President Assad: It’s not necessarily a particular situation but rather group of elements. There are several things that were hard to come to terms with, and they are still difficult. The first, I believe, is terrorism; the degree of savagery and inhumanity that the terrorists have reached reminds us of what happened in the Middle Ages in Europe over 500 years ago. In more recent modern times, it reminds us of the massacres perpetrated by the Ottomans against the Armenians when they killed a million and a half Armenians and half a million Orthodox Syriacs in Syria and in Turkish territory. The other aspect that is difficult to understand is the extent of Western officials’ superficiality in their failure to understand what happened in this region, and their subsequent inability to have a vision for the present or for the future. They are always very late in realizing things, sometimes even after the situation has been overtaken by a new reality that is completely different. The third thing that is difficult to understand is the extent of influence of petrodollars in changing roles on the international arena. For instance, how Qatar was transformed from a marginal state to a powerful one, while France has become a proxy state implementing Qatari policies. This is also what we see happening now between France and Saudi Arabia. How can petrodollars make western officials, particularly in France, sell their principles and sell the principles of the French Revolution in return for a few billion dollars? These are only a few things, among others, which are difficult for one to understand and accept.
AFP: The trial of those accused of the assassination of former Lebanese Prime Minister Rafic Hariri has begun. Do you think it will be a fair trial?
President Assad: Nine years have passed since the beginning of this trial. Has justice been served? Every accusation was made for political reasons. Even in the past few days, we have not seen any tangible proof put forward against the parties involved in the case. The real question should be: why the timing? Why now? This court was set up nine years ago. Have the things produced in the last few days been uncovered only now? I believe that the whole thing is politicized and is intended to put pressure on Hezbollah in Lebanon in the same way that it aimed at putting pressure on Syria in the beginning, immediately after al-Hariri’s assassination.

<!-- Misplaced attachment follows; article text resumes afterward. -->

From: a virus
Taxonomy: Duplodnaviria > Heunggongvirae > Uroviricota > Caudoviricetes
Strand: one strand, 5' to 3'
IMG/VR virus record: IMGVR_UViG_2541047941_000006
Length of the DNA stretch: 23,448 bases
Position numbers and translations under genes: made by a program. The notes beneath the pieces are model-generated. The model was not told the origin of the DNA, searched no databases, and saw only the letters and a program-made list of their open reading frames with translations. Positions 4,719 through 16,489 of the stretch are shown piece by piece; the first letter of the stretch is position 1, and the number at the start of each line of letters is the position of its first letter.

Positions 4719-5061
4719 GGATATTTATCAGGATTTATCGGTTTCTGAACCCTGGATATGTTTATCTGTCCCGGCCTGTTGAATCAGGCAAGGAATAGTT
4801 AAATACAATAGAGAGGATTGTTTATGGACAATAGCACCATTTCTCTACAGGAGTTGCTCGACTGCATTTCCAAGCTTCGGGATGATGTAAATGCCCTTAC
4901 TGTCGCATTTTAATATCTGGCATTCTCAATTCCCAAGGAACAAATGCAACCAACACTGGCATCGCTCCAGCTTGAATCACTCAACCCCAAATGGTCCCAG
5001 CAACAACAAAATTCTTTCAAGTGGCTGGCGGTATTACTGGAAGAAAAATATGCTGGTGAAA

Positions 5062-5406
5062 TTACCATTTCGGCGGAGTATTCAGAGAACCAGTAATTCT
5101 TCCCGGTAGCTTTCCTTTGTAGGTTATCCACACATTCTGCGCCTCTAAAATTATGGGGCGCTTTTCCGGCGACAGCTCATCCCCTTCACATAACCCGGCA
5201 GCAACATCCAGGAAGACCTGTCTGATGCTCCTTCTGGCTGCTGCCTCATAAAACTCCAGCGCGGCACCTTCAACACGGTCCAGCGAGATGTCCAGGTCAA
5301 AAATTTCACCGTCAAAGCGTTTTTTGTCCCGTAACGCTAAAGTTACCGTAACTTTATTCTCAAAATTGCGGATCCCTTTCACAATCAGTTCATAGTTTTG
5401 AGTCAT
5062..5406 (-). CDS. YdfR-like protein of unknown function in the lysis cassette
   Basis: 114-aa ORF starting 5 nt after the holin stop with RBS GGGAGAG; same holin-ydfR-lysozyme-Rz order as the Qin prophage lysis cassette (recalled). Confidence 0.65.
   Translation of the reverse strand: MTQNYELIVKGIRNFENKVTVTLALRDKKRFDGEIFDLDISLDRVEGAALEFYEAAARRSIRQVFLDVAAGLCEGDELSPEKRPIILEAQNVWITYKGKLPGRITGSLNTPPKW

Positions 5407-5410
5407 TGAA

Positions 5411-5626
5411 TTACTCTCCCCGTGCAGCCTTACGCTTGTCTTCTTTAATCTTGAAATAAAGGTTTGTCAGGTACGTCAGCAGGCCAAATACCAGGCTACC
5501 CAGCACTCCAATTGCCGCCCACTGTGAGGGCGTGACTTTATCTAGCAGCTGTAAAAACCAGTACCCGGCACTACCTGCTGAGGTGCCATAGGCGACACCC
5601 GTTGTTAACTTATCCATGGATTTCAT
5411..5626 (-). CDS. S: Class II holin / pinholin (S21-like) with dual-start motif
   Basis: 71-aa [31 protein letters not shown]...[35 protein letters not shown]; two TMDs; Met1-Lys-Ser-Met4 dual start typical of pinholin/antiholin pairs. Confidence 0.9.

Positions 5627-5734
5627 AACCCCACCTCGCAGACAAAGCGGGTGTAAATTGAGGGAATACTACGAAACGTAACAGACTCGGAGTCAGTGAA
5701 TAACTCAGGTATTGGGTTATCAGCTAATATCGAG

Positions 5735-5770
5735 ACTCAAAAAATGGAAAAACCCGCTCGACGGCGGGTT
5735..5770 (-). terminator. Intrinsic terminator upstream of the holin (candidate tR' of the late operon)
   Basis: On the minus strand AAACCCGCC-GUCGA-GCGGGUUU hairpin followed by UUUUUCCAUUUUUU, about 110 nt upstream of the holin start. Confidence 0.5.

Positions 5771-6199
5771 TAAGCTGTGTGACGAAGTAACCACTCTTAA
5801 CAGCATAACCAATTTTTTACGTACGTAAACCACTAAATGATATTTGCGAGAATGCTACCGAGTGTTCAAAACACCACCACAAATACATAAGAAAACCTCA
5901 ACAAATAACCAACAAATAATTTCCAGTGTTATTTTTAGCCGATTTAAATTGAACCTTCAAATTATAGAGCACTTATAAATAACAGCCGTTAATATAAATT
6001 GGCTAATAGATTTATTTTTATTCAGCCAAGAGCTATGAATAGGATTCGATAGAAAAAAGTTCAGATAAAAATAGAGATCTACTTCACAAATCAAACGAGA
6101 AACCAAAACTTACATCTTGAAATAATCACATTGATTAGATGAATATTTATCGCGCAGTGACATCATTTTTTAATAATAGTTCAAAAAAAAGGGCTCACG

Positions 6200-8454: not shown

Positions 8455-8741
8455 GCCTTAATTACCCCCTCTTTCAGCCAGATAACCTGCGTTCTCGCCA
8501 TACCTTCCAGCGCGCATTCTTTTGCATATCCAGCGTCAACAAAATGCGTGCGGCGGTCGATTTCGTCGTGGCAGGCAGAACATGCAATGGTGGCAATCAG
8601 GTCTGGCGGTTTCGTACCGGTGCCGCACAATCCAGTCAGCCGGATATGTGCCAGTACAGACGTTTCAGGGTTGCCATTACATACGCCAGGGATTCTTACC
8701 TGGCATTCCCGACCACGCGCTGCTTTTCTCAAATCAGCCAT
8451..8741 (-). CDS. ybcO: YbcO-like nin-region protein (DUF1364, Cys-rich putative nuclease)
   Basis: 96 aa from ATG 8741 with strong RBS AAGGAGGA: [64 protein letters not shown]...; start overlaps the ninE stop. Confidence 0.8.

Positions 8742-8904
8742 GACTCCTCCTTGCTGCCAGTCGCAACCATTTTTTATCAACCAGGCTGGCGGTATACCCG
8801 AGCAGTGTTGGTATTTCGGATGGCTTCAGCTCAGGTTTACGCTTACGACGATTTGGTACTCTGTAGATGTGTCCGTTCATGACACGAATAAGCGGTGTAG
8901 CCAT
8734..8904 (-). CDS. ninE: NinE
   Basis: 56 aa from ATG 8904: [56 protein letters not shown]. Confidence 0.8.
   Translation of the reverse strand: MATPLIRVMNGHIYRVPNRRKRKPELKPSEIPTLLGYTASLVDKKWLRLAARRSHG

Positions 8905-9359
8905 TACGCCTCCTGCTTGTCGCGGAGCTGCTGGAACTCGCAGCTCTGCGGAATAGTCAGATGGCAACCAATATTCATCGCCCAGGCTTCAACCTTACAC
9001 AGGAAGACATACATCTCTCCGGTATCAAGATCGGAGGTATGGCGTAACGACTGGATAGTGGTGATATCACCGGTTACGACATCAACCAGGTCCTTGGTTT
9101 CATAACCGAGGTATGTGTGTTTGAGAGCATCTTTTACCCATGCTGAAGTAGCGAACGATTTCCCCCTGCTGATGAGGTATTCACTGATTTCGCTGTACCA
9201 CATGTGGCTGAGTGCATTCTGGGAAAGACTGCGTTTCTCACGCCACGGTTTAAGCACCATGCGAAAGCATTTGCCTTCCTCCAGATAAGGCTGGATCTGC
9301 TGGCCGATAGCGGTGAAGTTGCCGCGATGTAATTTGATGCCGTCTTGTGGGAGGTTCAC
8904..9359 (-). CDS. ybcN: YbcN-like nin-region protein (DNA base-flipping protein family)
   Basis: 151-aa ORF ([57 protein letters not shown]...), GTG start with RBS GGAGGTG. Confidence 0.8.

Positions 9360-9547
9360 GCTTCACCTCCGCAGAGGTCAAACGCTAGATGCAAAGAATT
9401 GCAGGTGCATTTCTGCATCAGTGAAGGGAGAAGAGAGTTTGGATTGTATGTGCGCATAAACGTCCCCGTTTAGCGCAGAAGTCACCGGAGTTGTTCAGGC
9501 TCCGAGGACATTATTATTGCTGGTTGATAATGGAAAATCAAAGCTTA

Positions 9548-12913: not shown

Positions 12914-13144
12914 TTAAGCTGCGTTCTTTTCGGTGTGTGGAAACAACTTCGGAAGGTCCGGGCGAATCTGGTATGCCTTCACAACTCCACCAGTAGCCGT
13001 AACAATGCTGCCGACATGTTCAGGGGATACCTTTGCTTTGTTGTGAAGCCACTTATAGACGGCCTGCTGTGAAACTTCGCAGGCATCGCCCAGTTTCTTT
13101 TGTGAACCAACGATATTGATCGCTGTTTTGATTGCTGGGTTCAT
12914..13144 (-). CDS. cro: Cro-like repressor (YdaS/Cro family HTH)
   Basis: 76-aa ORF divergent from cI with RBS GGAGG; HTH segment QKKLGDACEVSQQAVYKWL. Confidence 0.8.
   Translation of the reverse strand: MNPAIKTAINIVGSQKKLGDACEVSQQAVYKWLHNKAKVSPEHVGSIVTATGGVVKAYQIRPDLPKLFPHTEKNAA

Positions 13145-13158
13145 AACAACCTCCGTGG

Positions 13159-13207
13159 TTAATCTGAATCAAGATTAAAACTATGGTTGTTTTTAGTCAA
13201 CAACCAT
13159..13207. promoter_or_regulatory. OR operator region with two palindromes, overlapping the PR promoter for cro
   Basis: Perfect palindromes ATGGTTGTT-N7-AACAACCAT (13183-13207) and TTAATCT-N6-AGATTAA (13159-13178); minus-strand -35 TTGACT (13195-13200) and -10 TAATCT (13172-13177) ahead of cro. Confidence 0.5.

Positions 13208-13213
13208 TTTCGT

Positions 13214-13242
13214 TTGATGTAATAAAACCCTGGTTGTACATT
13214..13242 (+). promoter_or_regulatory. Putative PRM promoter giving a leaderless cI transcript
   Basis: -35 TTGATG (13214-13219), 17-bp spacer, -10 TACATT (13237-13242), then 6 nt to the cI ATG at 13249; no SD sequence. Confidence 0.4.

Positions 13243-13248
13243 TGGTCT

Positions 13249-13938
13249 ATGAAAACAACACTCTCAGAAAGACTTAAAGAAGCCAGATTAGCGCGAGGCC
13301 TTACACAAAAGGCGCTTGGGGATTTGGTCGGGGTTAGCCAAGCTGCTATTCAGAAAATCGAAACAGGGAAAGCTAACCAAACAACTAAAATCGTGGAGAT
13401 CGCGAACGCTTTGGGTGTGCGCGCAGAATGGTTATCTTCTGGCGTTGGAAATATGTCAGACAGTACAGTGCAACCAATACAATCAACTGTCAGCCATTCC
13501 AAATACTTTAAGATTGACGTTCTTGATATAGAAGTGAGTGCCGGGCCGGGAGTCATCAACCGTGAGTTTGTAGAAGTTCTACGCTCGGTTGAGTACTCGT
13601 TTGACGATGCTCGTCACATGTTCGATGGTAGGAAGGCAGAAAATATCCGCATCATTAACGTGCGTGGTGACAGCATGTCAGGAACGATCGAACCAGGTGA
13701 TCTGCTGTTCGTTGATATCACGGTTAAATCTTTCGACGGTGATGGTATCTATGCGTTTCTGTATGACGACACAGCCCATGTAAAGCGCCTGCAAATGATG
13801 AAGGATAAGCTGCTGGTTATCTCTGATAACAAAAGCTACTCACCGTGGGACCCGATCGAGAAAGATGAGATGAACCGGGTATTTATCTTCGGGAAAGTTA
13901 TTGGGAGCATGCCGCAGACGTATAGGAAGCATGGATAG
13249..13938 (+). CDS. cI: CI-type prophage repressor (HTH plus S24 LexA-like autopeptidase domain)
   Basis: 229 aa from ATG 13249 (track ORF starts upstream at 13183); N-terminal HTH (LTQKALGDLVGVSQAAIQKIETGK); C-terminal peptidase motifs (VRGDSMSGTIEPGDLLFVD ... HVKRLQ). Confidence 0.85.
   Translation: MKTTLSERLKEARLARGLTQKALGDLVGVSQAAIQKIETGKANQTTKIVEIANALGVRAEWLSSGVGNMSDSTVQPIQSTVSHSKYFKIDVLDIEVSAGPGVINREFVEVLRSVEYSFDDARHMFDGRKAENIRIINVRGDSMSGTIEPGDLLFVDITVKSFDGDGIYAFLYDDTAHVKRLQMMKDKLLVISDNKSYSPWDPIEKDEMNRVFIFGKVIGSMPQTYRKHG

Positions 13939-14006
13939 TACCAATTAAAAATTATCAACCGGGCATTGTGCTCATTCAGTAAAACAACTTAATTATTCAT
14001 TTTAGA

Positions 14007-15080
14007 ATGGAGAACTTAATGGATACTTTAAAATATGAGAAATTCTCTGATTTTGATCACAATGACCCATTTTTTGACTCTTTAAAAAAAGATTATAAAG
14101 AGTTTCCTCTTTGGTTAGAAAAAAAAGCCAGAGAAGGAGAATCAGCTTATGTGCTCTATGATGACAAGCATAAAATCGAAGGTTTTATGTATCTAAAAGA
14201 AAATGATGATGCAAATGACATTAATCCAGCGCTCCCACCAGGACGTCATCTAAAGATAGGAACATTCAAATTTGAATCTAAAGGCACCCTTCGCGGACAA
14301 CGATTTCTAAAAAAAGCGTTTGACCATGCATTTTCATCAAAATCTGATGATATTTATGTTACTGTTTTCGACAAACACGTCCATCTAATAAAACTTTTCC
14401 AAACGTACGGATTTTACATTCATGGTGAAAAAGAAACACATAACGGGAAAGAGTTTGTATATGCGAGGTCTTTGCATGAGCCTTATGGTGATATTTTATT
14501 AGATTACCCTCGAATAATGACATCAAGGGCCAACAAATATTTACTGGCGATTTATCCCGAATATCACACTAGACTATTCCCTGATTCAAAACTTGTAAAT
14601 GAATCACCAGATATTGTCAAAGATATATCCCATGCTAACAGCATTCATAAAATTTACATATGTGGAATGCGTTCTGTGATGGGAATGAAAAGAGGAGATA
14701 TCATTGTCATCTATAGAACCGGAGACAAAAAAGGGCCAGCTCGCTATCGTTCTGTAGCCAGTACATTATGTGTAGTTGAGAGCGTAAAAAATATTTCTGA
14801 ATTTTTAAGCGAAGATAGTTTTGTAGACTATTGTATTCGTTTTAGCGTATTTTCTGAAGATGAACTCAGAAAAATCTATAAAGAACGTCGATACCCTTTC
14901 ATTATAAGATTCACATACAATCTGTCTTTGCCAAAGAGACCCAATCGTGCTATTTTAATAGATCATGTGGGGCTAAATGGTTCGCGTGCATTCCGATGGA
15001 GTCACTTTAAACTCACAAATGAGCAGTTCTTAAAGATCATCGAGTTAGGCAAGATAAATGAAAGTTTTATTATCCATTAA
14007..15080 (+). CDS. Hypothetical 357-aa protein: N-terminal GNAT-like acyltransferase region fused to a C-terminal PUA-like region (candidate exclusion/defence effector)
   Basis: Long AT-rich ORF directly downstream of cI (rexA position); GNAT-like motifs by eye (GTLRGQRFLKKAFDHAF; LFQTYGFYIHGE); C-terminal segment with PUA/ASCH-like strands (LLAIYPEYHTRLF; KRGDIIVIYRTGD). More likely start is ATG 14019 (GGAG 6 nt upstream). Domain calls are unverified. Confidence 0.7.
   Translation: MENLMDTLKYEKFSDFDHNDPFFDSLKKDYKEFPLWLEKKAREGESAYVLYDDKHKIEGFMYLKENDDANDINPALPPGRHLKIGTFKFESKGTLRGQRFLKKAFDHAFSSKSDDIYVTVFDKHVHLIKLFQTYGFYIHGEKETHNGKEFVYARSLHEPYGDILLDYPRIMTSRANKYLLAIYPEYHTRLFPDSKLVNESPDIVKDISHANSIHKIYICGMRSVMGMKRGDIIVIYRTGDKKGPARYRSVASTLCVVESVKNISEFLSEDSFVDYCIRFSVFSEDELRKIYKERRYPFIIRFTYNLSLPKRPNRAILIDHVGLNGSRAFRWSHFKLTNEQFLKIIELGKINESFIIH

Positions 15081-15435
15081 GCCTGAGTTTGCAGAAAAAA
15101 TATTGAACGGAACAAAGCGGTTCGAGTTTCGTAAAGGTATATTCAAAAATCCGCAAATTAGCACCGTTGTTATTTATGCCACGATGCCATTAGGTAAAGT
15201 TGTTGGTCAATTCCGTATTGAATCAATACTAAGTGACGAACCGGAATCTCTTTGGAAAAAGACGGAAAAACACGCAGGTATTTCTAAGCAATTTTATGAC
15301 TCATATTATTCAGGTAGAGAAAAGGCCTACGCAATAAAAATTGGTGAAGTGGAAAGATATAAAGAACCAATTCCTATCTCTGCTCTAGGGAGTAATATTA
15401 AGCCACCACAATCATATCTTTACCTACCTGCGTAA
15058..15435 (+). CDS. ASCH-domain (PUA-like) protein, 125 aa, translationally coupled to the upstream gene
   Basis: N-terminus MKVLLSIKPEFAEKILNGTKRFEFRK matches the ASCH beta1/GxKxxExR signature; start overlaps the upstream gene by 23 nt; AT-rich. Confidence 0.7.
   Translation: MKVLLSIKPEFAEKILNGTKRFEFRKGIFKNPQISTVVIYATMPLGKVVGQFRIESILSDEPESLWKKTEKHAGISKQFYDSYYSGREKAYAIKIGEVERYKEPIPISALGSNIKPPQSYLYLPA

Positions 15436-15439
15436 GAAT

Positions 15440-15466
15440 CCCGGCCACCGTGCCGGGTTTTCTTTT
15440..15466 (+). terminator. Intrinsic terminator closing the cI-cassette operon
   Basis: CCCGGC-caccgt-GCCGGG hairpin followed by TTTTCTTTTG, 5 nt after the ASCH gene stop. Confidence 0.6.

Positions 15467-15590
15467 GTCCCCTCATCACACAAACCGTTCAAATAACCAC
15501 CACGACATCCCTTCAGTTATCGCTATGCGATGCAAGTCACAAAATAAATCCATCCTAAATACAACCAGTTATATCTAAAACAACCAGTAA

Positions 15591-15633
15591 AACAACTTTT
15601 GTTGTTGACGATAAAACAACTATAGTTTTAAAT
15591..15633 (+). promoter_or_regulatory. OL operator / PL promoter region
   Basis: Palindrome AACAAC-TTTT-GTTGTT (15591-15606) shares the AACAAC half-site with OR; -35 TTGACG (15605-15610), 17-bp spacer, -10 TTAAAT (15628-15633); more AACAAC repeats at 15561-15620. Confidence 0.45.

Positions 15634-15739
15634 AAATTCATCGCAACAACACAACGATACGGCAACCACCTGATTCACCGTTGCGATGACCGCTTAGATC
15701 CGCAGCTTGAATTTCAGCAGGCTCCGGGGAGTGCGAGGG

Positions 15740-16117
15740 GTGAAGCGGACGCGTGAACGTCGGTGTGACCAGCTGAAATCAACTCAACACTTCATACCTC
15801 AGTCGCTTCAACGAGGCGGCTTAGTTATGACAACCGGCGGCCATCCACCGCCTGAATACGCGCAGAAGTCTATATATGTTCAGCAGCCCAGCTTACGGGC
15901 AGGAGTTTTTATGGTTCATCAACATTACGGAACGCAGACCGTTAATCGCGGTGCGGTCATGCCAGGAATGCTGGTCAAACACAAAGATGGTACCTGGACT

AFP: You have said the war will end when terrorism is eradicated. But the Syrians and everyone else want to know when this war will end. Within months? After a year? In years to come?
President Assad: We hope that the Geneva conference will be able to provide an answer to part of this by exercising pressure on these countries. This aspect has nothing to do with Syria; otherwise we would have put pressure on these states from the beginning and prevented terrorism from entering Syria. From our side, when this terrorism stops coming in, ending the war will not take more than a few months.
AFP: It appears Western intelligence agencies want to re-open channels of communication with Damascus, in order to ask you for help fighting terrorism. Are you ready for that?
President Assad: There have been meetings with several intelligence agencies from a number of countries. Our response has been that security cooperation cannot be separated from political cooperation, and political cooperation cannot be achieved while these states adopt anti-Syrian policies. This was our answer, brief and clear.
AFP: You have said in the past that the state has made mistakes. In your view, what were the mistakes that could have been avoided?
President Assad: I have said that mistakes can be made in any situation. I did not specify what those mistakes were because this cannot be done objectively until the crisis is behind us and we can assess our experience. Evaluating them whilst we are in the middle of the crisis will only yield limited results.
AFP: Mr. President, without Russia, China and Iran’s help, would you have been able to resist in the face of the wars declared against you?
President Assad: This is a hypothetical question, which I cannot answer, because we haven’t experienced the alternative. Reality has shown that Russian, Chinese and Iranian support has been important and has contributed to Syria’s steadfastness. Without this support, things probably would have been much more difficult. How? It is difficult to draw a hypothetical picture at this stage.